# What’s the expected value of your Powerball ticket?

As the Powerball jackpot grows to over \$300 million, we start to wonder if maybe buying a ticket is “worth it.” While the lottery is “worth it” in that ticket sales goes to things like state education, buying tickets is typically not worth it for yo because the projected payoff is far less than the ticket price.

The concept of Expected Value is a central idea in probability and statistics and refers to a weighted average outcome. For our Powerball example, the expected value equals the probability of getting each combination of winning numbers, multiplied by the payoff of the combinations.

Thehas a table with the odds and the payouts of each winning combination of numbers, making our job relatively easy.

We can transcribe these into a spreadsheet:

There isn’t much logic to this one. First we convert the odds column into probability, by taking one over the odds plus one.

Then we multiply the probabilities with the respective payouts by using the Sumproduct() Function:

Since Powerball tickets cost \$2, it seems we’re still losing about 65 cents on each ticket even with the jackpot above \$300 million.

It looks even worse given the \$302 million is the simple sum of annuity payments, while the cash value is much less at \$187.3 million.

That takes us down to 96 cents.

Taking into account a 35% tax rate would then take us down to 62 cents. And then there’s the chance that there are multiple jackpot winners, resulting in a split (we won’t get into that one here, but . Finally, let’s use the Goalseek function in excel to see when it becomes worth it to buy a lottery ticket taking into account a 35% tax bracket.

Pull up Goalseek from the Data Tab –> What-If Analysis –> Goal Seek

Then we set the after tax expected value cell (D16) to \$2, by changing the jackpot cell (B5). Basically Goalseek is Excel’s functionality for “guessing and checking”, for those who are not as algebraically inclined…

The answer? \$806 million! And that isn’t accounting for potential splits which is pretty likely once the jackpot gets that high.

# How much money do you need to retire?

As mentioned before, Every Quora session reveals financial success stories, and some practical life advice.

One topic that comes up frequently is how much money one needs to stop working. That is a question that spreadsheets are well-suited to solve! Let’s build our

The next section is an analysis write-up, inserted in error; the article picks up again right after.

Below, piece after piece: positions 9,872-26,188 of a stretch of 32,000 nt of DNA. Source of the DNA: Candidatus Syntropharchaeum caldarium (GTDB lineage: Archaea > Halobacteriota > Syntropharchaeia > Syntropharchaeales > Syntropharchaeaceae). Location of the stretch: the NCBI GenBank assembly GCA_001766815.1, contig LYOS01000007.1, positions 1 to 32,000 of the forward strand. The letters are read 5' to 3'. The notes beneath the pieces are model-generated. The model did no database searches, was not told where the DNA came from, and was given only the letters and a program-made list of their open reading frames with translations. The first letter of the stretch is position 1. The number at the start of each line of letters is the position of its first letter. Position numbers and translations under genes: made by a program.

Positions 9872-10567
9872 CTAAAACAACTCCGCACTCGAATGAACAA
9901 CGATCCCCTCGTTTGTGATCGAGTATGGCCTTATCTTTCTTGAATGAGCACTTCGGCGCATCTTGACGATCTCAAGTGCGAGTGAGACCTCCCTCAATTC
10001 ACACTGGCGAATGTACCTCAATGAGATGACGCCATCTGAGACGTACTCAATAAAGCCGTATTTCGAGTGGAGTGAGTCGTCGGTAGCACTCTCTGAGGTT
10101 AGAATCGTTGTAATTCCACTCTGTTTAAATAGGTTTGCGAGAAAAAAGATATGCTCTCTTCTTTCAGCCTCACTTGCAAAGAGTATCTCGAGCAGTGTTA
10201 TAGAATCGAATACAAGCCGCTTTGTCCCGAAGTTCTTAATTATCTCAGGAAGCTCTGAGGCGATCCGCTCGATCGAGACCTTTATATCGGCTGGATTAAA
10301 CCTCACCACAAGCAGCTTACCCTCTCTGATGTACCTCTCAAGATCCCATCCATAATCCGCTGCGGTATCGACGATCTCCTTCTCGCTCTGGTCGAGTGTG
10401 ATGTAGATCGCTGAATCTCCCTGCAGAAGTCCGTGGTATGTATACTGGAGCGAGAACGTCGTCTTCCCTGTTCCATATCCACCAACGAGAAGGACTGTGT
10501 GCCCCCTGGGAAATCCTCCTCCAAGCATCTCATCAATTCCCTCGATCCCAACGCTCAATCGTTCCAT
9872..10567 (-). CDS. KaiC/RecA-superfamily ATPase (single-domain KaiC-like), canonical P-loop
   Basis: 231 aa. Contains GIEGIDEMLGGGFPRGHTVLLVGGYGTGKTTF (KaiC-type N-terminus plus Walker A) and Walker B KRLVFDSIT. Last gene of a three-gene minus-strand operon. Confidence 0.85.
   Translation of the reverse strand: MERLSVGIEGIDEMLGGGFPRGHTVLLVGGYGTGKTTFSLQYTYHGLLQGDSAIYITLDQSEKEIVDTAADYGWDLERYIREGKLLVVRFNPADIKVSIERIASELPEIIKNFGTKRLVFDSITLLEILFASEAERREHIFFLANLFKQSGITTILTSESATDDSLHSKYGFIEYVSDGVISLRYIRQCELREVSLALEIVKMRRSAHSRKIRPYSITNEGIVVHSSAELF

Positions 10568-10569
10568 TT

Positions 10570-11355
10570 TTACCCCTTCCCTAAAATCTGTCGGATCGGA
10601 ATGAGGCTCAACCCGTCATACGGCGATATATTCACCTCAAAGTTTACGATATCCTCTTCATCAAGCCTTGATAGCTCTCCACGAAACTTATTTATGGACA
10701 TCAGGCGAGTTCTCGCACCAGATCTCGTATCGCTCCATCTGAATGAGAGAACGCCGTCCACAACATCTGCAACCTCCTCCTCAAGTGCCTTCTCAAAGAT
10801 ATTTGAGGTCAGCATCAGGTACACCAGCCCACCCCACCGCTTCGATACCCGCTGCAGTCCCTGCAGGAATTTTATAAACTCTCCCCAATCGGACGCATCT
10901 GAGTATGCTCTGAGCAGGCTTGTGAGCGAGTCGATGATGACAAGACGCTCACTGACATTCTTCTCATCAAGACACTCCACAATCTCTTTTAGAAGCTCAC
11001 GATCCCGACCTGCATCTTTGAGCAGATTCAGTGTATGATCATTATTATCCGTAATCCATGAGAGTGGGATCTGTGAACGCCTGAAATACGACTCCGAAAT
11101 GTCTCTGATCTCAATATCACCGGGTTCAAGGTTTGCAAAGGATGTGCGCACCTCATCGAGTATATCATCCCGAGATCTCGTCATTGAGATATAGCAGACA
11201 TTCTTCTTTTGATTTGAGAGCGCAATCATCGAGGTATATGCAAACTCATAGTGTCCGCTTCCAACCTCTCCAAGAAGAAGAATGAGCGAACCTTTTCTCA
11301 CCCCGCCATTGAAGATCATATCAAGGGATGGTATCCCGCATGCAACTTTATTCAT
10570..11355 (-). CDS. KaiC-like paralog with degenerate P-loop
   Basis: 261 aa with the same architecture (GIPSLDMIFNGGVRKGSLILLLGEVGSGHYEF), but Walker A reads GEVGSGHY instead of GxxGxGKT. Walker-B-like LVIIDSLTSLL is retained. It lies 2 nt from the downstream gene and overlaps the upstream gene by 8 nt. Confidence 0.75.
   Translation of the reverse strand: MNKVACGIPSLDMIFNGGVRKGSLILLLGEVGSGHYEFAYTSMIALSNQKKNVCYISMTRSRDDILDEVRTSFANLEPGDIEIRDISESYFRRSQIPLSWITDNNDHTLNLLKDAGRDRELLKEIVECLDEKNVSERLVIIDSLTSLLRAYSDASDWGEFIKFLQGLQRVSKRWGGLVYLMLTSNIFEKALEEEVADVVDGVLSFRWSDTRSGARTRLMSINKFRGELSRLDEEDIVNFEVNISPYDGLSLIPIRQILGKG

• Current Age – The older you are, the less time you’ll need your money to last.
• How much money you have saved up – This pile of money is what will earn returns to support your lifestyle, since you won’t be working
• The annual return on your investments – More risk, more return…
• Your expenses – Retiring isn’t cheap! When you quit your job, you’ll have to find health and dental insurance, you’ll still have to pay taxes on your investment earnings, and your kids will still need to go to college (taking out student loans builds character?)… we also need to assume expense inflation. This site assumes the average annual expenditure is about \$56,000, including taxes.

That’s pretty much it! Here’s our spreadsheet so far:

Most of our logic will follow our post, Personal Finance Made Easy (with Spreadsheet Modeling!). We’ll forecast our investment income, expenses, and the balance of our money saved for each year going forward in each column in our spreadsheet. First, we’ll set up year 1 pulling in the inputs from our assumptions cells. The investment income each year will equal the money saved (B15) times our assumed investment return (b7), with a fixed reference on the cell B7:

Our net income is the investment income minus expenses, which we will add to our initial money saved balance to get the ending balance:

Now for year 2, the current age will increase by 1, the beginning money saved for year 2 is the ending money saved from year 1, investment income will be the same formula, and expenses will increase by inflation:

Now we can paste the formula from column C as far to the right as we need in order to simulate future years:

(This guy probably needs to keep working…)

Now that we have a projection of how much money we’ll have at each year in the future, we can add in a couple cells to ask interesting questions of our spreadsheet, like: Will I have enough money to last until I am 100 years old? We can use an HLOOKUP() to look up how much money is saved at age 100:

Finally, we can make use of a data table to see how much money we need to have saved at what age to stop working and cover expenses until we’re age 100:

Looks like if we have about 2.5 million, we’re generally in the clear, or \$2 million after age 40. I’m realizing now that this doesn’t include social security and future one time college expenses, and a progressive tax formula, but I’ll leave those updates as an exercise for the reader.

One more interesting data table – how does the ability to retire change with the assumed return on investments? We’ll assume the user is age 35.